There is huge potential to translate Africa’s sustainable energy needs into investment opportunities and reduce investments in fossil fuels. Africa will need around USD 133 billion annually in clean energy investment to meet its energy and climate goals between 2026–2030 (IEA, 2022). However, annual investment in renewable energy — arguably the most attractive sector for commercial investors — stands at a mere USD 9.4 billion. This is a fraction of the continent’s investment in fossil fuels (USD 29 billion/year between 2016–2021), and government subsidies for fossil fuels (USD 37 billion/year in 2019/2020) (Banktrack 2022).


Opportunities and recommendations

To address the current climate financing gap and accelerate investment into Africa’s diverse opportunities, we propose the following immediate priorities:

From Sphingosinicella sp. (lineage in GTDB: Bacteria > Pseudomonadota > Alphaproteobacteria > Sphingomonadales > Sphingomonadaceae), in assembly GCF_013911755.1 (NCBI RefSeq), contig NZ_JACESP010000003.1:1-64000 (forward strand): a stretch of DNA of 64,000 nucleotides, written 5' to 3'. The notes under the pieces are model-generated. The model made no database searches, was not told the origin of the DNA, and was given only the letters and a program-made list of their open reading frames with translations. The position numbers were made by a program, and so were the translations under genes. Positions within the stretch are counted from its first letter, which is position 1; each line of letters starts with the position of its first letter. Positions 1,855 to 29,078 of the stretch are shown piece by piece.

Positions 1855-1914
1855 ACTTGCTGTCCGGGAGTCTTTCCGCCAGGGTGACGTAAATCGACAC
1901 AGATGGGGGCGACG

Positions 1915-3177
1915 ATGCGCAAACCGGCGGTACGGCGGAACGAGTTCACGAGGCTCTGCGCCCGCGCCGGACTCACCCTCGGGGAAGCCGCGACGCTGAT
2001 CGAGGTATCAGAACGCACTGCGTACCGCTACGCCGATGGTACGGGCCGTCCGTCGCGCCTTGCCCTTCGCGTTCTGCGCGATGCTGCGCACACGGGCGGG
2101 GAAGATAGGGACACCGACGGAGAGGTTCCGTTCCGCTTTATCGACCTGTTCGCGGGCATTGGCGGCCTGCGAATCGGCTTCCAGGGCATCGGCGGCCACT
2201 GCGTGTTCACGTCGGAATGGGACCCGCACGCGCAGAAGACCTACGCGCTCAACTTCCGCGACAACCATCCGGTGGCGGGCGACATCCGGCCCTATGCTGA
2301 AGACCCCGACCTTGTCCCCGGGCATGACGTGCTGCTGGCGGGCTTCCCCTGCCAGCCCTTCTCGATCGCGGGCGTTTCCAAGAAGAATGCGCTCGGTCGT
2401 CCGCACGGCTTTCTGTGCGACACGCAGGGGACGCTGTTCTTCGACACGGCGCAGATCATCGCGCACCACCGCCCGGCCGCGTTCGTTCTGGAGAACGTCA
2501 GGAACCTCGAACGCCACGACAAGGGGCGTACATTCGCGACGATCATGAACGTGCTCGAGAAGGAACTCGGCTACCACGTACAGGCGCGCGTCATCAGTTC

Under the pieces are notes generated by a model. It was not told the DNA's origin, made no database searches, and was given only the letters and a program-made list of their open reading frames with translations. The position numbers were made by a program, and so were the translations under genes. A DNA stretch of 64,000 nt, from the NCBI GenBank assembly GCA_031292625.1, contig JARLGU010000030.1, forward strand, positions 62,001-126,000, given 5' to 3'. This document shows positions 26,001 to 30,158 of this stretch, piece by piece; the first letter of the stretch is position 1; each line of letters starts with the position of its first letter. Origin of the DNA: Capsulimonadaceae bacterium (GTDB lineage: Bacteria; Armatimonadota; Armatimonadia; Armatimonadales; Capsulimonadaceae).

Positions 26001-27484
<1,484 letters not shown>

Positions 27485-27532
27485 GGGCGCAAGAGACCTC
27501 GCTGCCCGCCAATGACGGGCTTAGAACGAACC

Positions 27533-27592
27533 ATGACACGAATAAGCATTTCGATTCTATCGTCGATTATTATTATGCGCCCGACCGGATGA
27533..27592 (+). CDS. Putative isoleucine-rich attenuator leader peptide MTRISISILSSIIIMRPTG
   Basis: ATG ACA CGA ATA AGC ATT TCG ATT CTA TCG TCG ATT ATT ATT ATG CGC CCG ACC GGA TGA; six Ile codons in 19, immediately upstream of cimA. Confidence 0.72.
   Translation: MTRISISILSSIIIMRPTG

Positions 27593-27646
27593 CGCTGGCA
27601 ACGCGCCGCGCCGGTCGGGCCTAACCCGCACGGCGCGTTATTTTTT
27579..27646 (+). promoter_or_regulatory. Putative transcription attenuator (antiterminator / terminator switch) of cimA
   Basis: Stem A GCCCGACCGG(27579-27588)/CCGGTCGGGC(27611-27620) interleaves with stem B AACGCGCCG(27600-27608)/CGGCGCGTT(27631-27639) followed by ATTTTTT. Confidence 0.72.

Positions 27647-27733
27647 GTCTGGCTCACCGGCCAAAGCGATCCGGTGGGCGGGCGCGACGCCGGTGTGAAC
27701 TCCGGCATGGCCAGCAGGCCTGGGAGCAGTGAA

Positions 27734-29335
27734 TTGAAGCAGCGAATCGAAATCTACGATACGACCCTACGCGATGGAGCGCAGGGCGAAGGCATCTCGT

Adapt strategies to address current and future country realities. Currently, debt accounts for more than half of climate finance. This exacerbates already high debt vulnerabilities amid other ongoing crises such as the Covid-19 pandemic, food insecurity, and exchange rate vulnerabilities. Guarantees, insurance, and currency hedging could better address current fiscal realities and catalyze more private investment (OECD, 2020a). Stakeholders should tailor their solutions to local factors like depth of capital markets and implementation capacity.